Neptune Technologies and Bioressources stands to recover as much as $20 million in insurance payments stemming from the explosion and fire that destroyed the company’s production facility, the company said in a conference call with investors yesterday.
Company officials André Godin, chief financial officer, and Mike Timperio, vice president of global sales gave the presentation which detailed Neptune’s financial condition and the status of its plan to resume production and preserve customer relationships in the interim.
Neptune to date has received $6 million in insurance payments. Recovering the full $20 million payout would depend on how long the company’s business is interrupted, Godin said.
“It depends on how long we will be interrupted. Every two to three months we will be submitting claims,” Godin said.
“I think we will be getting money on an ongoing basis until we resume production.”
Some inventory built up
The explosion and fire on Nov. 8, 2012 killed three workers and destroyed the company’s production facility in Sherbrooke, Québec. The reports at the time indicated that the company’s entire inventory of frozen krill had been destroyed. In the conference call, officials said that some inventory and been recovered that some overstock had been taken back from customers, given the company a certain amount of material to fulfill future orders.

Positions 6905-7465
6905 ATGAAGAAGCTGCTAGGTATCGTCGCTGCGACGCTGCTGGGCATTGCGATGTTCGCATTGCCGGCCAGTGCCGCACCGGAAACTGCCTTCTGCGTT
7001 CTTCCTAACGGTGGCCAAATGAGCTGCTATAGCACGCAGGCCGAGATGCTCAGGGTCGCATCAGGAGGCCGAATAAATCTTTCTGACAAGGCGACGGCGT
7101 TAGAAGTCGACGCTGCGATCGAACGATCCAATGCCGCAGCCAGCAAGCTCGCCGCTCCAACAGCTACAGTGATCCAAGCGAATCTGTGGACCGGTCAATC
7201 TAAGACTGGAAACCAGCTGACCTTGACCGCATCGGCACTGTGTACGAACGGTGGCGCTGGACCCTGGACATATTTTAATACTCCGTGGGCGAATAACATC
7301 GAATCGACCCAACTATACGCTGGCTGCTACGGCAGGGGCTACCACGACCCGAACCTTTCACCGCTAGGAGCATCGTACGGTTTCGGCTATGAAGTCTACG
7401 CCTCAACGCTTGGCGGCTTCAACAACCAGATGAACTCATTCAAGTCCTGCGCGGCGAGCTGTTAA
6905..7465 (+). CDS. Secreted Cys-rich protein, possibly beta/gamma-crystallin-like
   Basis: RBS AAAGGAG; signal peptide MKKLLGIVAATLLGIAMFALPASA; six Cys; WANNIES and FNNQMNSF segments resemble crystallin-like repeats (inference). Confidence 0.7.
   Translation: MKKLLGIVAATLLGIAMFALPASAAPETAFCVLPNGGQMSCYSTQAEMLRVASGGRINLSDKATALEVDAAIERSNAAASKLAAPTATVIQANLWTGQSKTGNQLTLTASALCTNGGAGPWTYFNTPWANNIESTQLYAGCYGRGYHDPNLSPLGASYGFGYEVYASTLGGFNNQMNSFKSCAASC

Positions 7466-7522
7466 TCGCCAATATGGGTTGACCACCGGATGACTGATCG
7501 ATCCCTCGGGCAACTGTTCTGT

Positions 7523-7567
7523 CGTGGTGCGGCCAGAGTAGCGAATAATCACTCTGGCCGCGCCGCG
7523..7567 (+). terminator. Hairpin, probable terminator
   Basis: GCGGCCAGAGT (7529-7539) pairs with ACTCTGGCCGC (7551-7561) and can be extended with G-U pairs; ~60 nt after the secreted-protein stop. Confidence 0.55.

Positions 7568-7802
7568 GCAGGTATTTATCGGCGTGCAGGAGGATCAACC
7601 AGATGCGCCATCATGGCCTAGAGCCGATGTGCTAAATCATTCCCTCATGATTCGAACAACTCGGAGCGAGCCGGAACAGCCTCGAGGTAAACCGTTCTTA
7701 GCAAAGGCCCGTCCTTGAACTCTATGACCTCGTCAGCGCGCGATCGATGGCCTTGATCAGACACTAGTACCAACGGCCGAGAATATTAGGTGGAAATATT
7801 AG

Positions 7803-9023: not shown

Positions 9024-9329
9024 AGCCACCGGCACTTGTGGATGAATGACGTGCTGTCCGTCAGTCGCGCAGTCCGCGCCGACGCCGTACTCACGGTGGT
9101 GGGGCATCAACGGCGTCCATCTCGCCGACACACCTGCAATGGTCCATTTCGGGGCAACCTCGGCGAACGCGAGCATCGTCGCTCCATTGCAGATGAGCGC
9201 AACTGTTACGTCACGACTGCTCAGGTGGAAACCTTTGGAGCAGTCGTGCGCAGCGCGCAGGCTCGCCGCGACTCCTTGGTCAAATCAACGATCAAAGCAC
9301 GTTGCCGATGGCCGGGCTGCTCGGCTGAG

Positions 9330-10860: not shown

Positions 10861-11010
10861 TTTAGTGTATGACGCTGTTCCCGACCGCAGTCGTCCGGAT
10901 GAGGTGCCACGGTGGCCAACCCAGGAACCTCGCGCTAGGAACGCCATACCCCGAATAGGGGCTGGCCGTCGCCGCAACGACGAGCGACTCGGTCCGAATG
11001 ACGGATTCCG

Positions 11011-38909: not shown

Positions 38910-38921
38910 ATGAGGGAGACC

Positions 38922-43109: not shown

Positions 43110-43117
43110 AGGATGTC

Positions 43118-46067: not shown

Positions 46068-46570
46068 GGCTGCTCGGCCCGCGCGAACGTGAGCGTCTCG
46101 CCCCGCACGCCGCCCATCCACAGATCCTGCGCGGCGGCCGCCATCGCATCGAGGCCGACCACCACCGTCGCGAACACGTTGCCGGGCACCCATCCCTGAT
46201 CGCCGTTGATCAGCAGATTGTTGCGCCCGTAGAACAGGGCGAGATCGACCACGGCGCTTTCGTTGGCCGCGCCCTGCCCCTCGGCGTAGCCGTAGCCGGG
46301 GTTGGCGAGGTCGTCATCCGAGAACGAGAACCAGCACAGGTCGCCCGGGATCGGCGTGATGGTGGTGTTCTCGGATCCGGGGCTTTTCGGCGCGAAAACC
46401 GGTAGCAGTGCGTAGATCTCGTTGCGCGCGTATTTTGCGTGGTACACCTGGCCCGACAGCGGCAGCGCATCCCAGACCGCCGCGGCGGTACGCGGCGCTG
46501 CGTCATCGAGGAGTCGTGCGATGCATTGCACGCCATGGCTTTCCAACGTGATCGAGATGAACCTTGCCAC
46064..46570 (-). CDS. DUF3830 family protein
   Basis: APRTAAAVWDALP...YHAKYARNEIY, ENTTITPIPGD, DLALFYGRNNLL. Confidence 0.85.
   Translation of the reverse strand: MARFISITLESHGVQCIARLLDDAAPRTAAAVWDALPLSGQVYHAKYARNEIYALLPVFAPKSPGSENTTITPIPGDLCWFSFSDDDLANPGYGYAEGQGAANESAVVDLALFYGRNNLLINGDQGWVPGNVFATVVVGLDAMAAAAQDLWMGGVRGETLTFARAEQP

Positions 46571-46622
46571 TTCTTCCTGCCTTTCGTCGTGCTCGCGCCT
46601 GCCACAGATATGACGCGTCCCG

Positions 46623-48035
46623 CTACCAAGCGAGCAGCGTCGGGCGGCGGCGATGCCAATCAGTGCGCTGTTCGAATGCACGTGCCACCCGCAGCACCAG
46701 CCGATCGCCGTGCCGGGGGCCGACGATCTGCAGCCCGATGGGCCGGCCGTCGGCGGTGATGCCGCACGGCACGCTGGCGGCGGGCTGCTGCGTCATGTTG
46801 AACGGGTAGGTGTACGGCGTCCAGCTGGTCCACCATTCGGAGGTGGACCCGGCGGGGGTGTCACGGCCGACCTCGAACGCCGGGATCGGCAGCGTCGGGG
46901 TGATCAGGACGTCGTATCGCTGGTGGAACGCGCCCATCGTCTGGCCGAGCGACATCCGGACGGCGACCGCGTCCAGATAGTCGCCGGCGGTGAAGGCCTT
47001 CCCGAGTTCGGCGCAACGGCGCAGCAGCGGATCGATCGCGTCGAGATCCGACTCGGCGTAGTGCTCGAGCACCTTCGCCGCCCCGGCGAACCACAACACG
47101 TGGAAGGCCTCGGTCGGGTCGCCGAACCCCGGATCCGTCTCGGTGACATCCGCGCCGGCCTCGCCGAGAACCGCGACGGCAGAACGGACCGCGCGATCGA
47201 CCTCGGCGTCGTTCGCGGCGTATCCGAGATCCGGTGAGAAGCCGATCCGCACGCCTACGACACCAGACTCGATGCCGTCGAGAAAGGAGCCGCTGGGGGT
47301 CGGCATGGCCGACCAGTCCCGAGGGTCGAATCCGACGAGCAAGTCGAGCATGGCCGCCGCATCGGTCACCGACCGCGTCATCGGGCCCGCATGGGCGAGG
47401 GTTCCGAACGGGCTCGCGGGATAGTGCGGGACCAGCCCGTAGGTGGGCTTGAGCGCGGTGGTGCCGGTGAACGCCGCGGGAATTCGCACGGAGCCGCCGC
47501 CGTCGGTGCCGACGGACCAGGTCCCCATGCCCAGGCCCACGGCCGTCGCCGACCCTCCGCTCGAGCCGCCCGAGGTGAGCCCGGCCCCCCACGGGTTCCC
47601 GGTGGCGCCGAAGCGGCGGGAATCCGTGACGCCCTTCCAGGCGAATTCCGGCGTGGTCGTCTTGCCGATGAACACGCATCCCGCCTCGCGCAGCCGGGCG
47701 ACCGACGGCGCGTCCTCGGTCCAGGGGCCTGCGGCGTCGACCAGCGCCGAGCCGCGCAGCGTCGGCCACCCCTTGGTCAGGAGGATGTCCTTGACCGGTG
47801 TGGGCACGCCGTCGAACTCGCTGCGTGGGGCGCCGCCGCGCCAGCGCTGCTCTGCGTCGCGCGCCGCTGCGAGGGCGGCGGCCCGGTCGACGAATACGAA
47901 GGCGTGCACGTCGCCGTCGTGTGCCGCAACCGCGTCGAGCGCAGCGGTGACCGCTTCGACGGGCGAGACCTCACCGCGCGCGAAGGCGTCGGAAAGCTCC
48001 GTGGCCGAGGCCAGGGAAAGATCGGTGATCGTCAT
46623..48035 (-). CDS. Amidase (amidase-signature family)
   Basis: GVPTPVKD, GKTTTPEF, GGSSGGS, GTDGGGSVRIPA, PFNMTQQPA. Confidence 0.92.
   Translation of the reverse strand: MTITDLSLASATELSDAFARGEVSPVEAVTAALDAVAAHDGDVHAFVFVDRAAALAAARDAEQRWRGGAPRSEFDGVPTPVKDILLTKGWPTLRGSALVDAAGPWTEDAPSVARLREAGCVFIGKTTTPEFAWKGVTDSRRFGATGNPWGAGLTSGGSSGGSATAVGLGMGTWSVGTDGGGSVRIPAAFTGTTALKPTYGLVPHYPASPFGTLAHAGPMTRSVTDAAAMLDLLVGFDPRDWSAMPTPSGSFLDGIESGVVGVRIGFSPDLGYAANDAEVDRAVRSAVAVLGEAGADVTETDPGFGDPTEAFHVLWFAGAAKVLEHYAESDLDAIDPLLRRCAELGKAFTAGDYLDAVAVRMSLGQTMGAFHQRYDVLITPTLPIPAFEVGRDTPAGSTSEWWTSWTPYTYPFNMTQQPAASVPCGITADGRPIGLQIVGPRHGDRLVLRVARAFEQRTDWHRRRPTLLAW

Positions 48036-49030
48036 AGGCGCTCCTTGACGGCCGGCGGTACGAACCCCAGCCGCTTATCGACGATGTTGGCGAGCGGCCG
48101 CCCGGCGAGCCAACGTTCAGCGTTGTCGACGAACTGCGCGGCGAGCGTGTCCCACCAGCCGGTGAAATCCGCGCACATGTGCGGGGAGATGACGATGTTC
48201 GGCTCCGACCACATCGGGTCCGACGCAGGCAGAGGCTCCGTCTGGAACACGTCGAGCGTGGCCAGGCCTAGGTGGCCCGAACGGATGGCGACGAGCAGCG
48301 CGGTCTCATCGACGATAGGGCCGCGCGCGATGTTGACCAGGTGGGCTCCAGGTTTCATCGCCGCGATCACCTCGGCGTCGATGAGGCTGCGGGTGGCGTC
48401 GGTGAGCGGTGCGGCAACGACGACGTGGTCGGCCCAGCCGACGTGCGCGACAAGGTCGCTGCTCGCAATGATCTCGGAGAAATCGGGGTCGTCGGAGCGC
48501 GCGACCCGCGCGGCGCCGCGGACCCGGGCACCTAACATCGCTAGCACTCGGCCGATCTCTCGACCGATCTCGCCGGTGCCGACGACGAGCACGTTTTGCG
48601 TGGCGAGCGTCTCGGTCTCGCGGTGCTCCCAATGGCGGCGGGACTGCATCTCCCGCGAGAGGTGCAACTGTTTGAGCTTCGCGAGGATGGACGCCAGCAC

Godin said the company has $42.5 million in reserves, with $34 million cash on hand.
“We are confident in maintaining our market presence,” he said.
Neptune has announced in the past a nine-month time frame for restarting production in Sherbooke. Under pointed questioning from an analyst, Godin stuck to his guns on that schedule.
Godin also said that within the nine month window, the company plans to have a production partner lined up. Godin declined to be more specific in answering a question from the same analyst about how difficult it would be for a production partner to retrofit their production facilities to produce Neptune’s krill oil.
“We will resume production in Sherbooke as well as partner with (another production company). It will be a combination of both for growth in the future,” he said.
With the cash in hand and the expected insurance payments, the company is looking down the road, Godin said.
“We have to start buying frozen krill for the next season. We are starting to build some inventory,” he said.